BOSTON – Game-planning for the Golden State last season, the Phoenix Suns wrote “Finesse” on their whiteboard.
“Be physical with them, and they tend to back away,” said Jermaine O’Neal, who played for Phoenix last year.
Now a Warrior, O’Neal didn’t hesitate to share the observation of their defense with his new teammates.
“I told guys. I said, ‘The perception of our team has been finesse a finesse, soft team,’” O’Neal said.
But that’s not how O’Neal saw his new team. That’s not how these Warriors see themselves. And that’s not how reality sees them, either.
Quite the opposite, in fact.
Golden State ranks third in the NBA in points allowed per 100 possessions (101.7). This is absolutely a team winning with defense, a marked change from the Warrior Way culled during two stints and 11 years under Don Nelson.
Does anyone realize it, though?
“I bet, if you ran a poll of 10,000 people today and said, ‘Where does Golden State rank defensively?’” O’Neal said, “I guarantee you it would probably be only like three or four, maybe five, out of 10,000.”
Old perceptions die hard.
Whether cultural or coincidence, this is just seventh time in the last 30 years the Warriors’ defensive rating relative to league average has been better than their offensive equivalent. Considering the Warriors have also played faster than league average 32 of the last 33 years, they spent decades – most of them before we commonly used per-possession rather than per-game measures – building a reputation as an offense-before-defense team.
With Stephen Curry and Klay Thompson bombing from long distance at historic rates, these Warriors aesthetically resemble Nelson’s. But Golden State actually ranks higher in defensive rating (third) than 3-point percentage (eighth).
And make no mistake. They view themselves as defense-first team now.
“We’re going to stick to the way we guard things and make teams beat us the way that they have to beat us,” forward Draymond Green said. “They’re going to beat us on our terms. They’re not going to be us on their terms. If they beat us on our terms, we can live with that. But we make teams beat us, when we’re at our best defensively, they have to beat us on our terms.”
The Warriors allow 4.4 fewer points than the NBA average per 100 possessions, their best relative defensive rating since moving to Oakland in 1971. It’s their second-best mark in franchise history, behind only the 1963-64 team that featured a man named Chamberlain.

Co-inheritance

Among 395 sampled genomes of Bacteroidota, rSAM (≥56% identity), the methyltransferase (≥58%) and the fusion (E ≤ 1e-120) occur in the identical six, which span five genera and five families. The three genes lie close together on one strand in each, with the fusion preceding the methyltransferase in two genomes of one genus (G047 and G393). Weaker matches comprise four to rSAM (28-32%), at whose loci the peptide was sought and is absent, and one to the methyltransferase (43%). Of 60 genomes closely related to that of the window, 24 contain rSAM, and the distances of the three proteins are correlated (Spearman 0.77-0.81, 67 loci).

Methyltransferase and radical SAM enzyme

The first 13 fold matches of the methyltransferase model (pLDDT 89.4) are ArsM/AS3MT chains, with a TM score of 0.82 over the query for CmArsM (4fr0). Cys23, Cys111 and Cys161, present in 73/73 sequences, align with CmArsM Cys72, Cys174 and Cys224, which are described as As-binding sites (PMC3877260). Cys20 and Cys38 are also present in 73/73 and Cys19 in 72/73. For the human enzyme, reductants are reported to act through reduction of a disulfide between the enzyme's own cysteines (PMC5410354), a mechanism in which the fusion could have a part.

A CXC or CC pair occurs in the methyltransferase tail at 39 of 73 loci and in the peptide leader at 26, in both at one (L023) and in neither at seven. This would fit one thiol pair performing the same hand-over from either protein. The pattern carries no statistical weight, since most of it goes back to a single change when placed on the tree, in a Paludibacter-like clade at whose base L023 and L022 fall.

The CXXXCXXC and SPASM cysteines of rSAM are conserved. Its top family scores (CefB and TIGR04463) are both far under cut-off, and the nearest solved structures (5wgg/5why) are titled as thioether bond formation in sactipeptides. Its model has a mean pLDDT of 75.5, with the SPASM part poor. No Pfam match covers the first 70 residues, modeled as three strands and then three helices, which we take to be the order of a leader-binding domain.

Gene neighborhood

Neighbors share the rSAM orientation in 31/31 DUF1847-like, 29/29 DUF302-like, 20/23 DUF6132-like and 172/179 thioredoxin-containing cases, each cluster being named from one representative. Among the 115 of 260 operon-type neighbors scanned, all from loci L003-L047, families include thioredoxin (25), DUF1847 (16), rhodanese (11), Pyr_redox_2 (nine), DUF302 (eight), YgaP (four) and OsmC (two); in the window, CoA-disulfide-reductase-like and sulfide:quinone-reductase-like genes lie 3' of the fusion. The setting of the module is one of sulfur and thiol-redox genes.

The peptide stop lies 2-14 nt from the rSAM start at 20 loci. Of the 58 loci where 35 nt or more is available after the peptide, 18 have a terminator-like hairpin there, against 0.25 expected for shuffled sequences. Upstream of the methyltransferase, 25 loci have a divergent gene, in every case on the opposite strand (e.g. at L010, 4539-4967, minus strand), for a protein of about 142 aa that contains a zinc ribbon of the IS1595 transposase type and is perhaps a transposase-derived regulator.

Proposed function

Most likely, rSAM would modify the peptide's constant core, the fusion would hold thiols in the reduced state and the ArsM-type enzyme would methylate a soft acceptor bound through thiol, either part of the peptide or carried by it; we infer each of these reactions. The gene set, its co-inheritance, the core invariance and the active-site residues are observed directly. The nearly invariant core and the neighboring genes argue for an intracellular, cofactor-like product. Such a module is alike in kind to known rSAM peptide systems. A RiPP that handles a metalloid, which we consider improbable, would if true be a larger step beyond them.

How far Golden State has come in such a short period of time is even more remarkable.
Two years ago, Mark Jackson’s first as head coach, the Warriors allowed 4.5 points more per 100 possessions than league average. Last season, they dipped to 0.3 under. And now, at 4.4 below, they’re on pace to complete one of the best two-year turnaround ever.
That two-year improvement in relative defensive rating (-8.9 points) would rank top five all-time. Half the rest of the teams completing that group – the 1999 San Antonio Spurs and 2007-08 Boston Celtics – won a championship.*
*The other two: 1999 Philadelphia 76ers and 2009-10 Milwaukee Bucks
It’s not necessarily that making such large defensive strides builds a sure-fire winner – though, it doesn’t hurt – but it’s indicative of a team headed in the right direction overall.
How has Golden State gotten on this path?
“Personnel one,” said Stephen Curry, the Warriors’ best and longest-tenured player.
Golden State traded for an injured Andrew Bogut in 2012, and he played just 32 games last season.
But when healthy, Bogut is an elite defender, and the Warriors showed their faith in him with a three-year, $36 million extension before this season began.
Prior to that, Golden State added another elite defender, signing-and-trading for Andre Iguodala on a four-year, $48 million contract this summer.
In the previous three years, Iguodala has finished ninth, seventh and eighth in Defensive Player of the Year voting. Bogut peaked at sixth in 2011.
Simply, defending well requires good defensive players, and Iguodala and Bogut are excellent defensive players. After Mark Jackson talked about instilling a defense-first culture when he became the Warriors’ head coach in 2011, they put their money where their mouth is.
Iguodala definitely boosted the Warriors’ defensive talent, but he didn’t necessarily change their mindset. That had already been done. He said he realized in training camp, the way players were already competing, this team had the potential to excel defensively